A Vancouver coffee bar owner must pay four people $1,000 each after a B.C. Human Rights Tribunal found she discriminated against them on the basis of race in violation of B.C.’s Human Rights Code.
Moncef Ben Maaouia, Walid Haouas, Bechir Gharbi and Aissa Dairy are friends and long‐time customers of Toscani Coffee Bar on Vancouver’s Commercial Drive owned by Cyrilla Conforti, said tribunal member Devyn Cousineau’s Feb. 23 decision.
Haouas said on July 8, 2017, Conforti told him she did not want “you Arabs” to come to Toscani anymore and to “tell your friends."
Ben Maaouia testified that when he went to Toscani later that day, Conforti told him that she would not serve him or his friends anymore, and asked him to talk to Haouas about why.
As a result of these events, the four have not returned to Toscani, Cousineau said.
Gharbi and Dairy had been going to Toscani almost daily for 20 years while Ben Maaouia had attended for 15 years. Haouas had been going since 2013.
All are immigrants from North Africa.
Conforti is woman of colour, raised in a Muslim family in Indonesia. Her husband, Lamberto, is Italian.
There had been some disputes over service, use of a TV remote control and smoking outside.
Haouas was in a dispute about who would serve him, and Conforti eventually approached him, the decision said.
“’I don’t want you Arabs here, and you should tell your friends I don’t want you here. You are not welcome anymore.’” Haouas said Conforti told him.
Case documents said Conforti's husband wouldn’t intervene, not wanting a fight with his wife.
Later the same day, Ben Maaouia and Gharbi arrived.
Conforti said she assumed they had spoken with Haouas and that the two didn’t want her to serve them either.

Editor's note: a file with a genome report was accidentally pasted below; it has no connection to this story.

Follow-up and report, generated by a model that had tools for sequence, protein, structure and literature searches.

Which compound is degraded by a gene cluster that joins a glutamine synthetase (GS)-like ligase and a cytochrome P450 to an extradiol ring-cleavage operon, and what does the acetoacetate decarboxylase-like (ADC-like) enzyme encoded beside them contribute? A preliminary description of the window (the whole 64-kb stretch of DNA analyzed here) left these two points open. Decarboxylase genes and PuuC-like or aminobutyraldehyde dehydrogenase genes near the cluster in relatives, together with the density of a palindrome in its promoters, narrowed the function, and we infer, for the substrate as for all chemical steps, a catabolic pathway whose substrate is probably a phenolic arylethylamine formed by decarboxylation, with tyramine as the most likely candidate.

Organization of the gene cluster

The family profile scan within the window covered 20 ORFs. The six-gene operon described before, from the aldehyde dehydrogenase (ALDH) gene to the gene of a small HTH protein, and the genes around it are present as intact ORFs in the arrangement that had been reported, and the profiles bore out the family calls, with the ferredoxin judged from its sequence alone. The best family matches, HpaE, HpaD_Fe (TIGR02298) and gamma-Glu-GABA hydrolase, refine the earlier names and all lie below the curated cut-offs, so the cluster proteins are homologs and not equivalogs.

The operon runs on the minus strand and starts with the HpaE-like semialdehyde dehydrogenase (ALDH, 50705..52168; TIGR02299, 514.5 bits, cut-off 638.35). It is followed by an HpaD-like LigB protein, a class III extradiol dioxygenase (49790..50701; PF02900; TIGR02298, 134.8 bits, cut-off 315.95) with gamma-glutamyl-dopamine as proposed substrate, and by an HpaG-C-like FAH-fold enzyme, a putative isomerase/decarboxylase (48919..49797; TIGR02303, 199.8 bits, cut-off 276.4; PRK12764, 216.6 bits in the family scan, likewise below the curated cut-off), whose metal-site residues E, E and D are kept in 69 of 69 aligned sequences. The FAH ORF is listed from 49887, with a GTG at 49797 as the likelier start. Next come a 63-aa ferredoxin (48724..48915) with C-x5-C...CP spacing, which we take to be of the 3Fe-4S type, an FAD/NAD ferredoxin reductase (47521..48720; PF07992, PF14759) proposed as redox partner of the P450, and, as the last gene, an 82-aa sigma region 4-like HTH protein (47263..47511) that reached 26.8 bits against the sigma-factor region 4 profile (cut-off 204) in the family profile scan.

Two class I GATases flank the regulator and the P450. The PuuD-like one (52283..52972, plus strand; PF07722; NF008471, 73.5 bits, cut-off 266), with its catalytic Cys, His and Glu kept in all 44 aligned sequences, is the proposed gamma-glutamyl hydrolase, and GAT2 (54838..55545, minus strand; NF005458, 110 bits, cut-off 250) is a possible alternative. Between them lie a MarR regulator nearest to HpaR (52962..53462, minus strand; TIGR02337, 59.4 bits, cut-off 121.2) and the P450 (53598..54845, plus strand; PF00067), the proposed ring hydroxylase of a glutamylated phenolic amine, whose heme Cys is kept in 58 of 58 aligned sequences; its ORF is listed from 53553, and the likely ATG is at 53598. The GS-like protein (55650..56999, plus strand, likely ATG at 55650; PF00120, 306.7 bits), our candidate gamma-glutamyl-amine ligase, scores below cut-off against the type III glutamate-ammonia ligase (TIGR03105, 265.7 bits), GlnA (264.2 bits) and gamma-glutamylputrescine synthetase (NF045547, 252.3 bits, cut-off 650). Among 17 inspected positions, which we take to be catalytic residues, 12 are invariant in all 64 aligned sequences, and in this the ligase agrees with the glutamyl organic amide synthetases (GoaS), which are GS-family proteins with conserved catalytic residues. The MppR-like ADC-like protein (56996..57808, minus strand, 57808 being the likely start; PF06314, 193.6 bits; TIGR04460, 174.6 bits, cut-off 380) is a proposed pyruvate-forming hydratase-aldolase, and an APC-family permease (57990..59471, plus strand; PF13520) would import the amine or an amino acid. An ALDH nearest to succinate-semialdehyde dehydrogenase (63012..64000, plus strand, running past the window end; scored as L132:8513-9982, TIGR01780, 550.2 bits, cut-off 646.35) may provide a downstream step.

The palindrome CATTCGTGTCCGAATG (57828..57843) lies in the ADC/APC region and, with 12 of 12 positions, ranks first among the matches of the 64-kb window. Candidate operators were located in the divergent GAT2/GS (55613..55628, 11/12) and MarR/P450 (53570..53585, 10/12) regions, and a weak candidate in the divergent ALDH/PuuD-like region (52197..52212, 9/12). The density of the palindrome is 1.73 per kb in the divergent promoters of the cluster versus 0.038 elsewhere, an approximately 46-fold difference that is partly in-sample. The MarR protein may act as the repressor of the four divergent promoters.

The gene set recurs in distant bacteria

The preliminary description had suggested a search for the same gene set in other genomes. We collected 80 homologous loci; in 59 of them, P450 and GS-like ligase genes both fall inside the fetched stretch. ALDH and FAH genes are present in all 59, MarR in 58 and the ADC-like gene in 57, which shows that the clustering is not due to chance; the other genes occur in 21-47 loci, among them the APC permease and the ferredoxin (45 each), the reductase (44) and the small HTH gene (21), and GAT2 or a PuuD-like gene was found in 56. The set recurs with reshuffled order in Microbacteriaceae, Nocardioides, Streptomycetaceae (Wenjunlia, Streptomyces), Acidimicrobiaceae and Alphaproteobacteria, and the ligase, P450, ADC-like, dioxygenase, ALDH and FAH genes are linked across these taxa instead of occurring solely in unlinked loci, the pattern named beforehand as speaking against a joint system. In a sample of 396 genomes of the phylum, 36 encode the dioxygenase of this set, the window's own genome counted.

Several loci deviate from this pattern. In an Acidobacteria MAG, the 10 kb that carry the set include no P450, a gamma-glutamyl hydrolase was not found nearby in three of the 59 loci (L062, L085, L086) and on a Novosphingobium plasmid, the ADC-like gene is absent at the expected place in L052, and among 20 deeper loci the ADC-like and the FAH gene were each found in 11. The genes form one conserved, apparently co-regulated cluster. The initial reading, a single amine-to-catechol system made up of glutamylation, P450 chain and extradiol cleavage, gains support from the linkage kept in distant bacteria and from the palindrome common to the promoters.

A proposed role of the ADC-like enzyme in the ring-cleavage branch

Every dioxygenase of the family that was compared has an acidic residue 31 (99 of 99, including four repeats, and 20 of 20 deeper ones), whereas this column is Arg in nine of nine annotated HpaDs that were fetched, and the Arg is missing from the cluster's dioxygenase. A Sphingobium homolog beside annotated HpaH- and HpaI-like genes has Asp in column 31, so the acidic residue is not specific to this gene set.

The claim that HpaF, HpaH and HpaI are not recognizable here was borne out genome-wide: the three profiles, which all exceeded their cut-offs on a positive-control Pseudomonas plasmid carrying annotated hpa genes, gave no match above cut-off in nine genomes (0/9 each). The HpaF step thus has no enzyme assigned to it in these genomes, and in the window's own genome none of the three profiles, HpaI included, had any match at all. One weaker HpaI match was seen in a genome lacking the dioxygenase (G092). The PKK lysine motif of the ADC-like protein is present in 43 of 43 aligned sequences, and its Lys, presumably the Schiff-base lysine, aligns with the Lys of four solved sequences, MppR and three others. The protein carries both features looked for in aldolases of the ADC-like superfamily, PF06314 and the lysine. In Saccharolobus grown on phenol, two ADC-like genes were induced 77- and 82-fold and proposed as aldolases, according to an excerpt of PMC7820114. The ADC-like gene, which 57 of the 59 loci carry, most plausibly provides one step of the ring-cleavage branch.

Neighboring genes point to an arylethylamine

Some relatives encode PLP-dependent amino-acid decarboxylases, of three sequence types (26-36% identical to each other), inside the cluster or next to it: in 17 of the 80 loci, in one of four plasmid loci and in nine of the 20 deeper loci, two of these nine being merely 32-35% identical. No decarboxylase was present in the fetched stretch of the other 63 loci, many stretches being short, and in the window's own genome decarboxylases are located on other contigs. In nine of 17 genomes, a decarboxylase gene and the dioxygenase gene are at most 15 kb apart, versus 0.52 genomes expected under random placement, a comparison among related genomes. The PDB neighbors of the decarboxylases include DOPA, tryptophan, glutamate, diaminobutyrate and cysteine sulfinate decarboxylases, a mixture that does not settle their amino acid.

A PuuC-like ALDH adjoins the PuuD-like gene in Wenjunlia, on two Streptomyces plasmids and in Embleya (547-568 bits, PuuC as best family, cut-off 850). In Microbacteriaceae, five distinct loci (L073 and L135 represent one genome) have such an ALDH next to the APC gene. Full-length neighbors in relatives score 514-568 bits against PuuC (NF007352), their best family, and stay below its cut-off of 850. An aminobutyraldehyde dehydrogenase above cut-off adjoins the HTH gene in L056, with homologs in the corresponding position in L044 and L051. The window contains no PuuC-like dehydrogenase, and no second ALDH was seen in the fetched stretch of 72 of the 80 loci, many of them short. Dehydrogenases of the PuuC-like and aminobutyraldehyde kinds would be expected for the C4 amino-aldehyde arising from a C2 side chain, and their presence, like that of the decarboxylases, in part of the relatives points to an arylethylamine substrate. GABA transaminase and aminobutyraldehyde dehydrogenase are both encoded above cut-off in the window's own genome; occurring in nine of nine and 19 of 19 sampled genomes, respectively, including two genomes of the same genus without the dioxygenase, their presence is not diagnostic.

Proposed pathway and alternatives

She told the panel that Ben Maaouia then approached her and said, “F**k you, you piece of sh*t. Go back to the third world country where you belong."
“She felt shocked, scared, and speechless,” Cousineau said.
Ben Maaouia denied making the comment, saying he also came from a third world country.
Conforti agreed she did not want to serve Haouas, but said it had nothing to do with him or his friends being Arab. She also denied making the comment alleged by the four ex-customers of Toscani.
Rather, she said, Haouas had disrespected her and Maaouia cursed at her and called her names.
Conforti denied any discrimination.
Cousineau accepted Conforti’s explanation she did not want to serve the four as they had disrespected her and not because of their Arab ancestry.
However, Cousineau also accepted Haouas’ evidence that Conforti told him – in the heat of the moment - that she would not serve “you Arabs”.
“This comment connected the complainants’ race to Ms. Conforti’s refusal to serve them,” Cousineau said. “This was a violation of the Human Rights Code.”
Cousineau found it probable the “you Arabs” comment was said in the heat of the moment – not because Conforti meant to offend the complainants but because she was angry and chose the wrong words in a second language.
But, Cousineau said, it is not the intent of words used but their effect that is important.
“Discriminatory words were ‘spoken at the very same time and place’ as she told Mr. Haouas she would not serve him, and they were ‘inextricably linked’ to that communication,” Cousineau said.
Cousineau said the shop was a place where the men could gather with other members of Vancouver’s small North African community.
“Losing that space was significant to each of them,” Cousineau said.
However, Cousineau expressed some sympathy of Conforti as a small business owner running and working in a busy coffee shop, dealing all day with members of the public.
“I have accepted that some of the complainants made her feel disrespected in her own business and that was upsetting to her, particularly when they complained about her to her husband,” Cousineau said. “I recognize the gendered power dynamics that she talks about when she emphasises that she felt intimidated, afraid, and disrespected as a woman.”